The following letter was written by PO1 Steven Voigt of SEAL Team Eight two days before he was killed in an SH-60 helicopter crash in the Persian Gulf on October 25, 1996. This letter captures the essence of Steve Voigt and typifies the hours and months of the distinctively unglamorous and unappreciated side of a Navy SEAL’s life on deployment.
Steven Voigt’s letter
It was read by Steve Voigt’s sister, Martha, at the NAB Little Creek Base Chapel on 6 November 1996:
“Alarm goes off. I wake up. It’s 0600. Same time I woke up yesterday. And the day before. Actually since June 28, almost 120 days ago. Four months. That’s OK, though, because if anyone in the Persian Gulf tries to interfere with the policies of my sacred country, the United States of America, I’ll be there to stop them. Two months ago, it was anyone in the Mediterranean. Actually, we could stop anyone in the world.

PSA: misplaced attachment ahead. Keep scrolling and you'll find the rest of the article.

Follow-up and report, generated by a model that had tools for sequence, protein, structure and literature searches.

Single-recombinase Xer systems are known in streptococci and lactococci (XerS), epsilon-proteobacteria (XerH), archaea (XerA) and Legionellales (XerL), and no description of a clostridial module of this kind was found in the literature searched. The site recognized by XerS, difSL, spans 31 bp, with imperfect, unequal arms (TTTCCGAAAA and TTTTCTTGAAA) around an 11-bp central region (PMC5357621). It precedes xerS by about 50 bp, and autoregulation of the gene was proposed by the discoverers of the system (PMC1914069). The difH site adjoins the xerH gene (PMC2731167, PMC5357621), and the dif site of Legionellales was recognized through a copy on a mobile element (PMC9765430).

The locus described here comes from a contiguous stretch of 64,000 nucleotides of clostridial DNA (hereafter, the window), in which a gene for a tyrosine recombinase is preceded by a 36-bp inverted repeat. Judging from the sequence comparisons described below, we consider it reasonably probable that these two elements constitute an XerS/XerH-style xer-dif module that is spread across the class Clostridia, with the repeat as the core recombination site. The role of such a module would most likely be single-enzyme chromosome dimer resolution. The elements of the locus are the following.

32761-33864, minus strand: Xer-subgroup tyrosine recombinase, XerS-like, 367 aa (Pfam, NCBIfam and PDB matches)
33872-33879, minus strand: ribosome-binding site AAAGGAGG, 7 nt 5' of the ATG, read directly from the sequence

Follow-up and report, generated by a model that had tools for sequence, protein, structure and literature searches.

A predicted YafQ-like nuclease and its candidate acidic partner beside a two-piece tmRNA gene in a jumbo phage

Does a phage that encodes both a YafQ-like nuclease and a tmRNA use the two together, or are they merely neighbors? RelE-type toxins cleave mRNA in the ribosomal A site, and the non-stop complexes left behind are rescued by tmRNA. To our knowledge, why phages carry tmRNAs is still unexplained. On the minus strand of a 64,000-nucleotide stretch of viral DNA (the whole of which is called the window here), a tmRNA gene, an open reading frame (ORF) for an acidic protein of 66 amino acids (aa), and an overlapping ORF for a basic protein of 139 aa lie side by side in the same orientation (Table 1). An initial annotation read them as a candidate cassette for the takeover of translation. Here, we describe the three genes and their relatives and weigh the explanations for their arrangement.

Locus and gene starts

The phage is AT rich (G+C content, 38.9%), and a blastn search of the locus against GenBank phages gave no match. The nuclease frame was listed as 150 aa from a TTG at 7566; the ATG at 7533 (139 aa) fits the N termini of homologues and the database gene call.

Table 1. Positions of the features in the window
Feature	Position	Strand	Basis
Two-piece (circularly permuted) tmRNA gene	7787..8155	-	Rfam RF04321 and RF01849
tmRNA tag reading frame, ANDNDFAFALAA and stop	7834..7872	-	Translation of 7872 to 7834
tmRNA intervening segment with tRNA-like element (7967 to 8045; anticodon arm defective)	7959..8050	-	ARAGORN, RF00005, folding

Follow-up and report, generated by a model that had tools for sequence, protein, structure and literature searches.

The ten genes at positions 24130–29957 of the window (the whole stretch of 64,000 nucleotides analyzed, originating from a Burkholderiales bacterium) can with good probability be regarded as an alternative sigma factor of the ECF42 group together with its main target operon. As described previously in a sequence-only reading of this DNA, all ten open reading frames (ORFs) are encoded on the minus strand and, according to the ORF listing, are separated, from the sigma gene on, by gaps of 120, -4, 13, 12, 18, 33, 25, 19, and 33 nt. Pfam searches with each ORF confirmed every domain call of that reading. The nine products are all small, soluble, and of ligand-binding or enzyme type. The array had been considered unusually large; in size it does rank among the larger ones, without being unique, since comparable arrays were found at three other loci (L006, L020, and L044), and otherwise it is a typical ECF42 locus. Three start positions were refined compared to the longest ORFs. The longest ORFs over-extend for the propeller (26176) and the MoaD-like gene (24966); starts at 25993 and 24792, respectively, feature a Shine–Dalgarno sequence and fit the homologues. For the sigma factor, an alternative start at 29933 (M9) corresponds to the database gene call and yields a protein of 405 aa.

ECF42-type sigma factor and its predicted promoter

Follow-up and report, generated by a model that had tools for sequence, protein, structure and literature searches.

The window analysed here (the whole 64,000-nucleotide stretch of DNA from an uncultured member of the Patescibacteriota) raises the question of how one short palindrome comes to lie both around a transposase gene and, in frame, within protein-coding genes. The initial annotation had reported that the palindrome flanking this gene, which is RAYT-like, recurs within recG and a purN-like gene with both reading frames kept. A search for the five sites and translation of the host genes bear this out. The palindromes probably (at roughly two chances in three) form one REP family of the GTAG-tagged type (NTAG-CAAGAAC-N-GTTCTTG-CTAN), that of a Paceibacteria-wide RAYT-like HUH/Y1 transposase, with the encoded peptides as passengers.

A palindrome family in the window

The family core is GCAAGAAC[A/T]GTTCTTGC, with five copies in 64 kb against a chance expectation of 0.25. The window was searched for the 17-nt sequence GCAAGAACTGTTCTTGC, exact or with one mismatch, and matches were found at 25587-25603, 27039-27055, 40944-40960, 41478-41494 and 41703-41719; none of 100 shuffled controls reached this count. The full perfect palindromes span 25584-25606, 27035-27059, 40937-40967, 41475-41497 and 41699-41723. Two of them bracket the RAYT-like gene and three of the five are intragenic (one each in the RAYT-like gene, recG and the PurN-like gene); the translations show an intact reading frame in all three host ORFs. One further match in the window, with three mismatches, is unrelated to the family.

“Breakfast time. Forty-five-minute wait in line. Every meal is the same. Stand in line sweating. That’s OK, though. There are people in my country who neither know nor care that their freedom is being protected at this very moment. That too is OK, because I do know. I’m doing it.
“Go to work. The same routine day in and day out. It could be compared to being in jail except that the work we do is too hard and too dangerous to impose upon a common criminal. It would be considered inhumane. That’s OK, though, I understand freedom and the sacrifices that have to be made for freedom to be achieved. The life we live at the cost of our military members cannot have a price put on it. If you saw our paychecks, you would understand.
“Dinner time. Chicken and rice again. That’s OK. The opportunities we have in the States are limitless. There is nothing that any person cannot achieve if he/she has the heart. They don’t have those opportunities in the parts I’ve visited. They don’t even have Taco Bell.”
10 August 1962-25 October 1996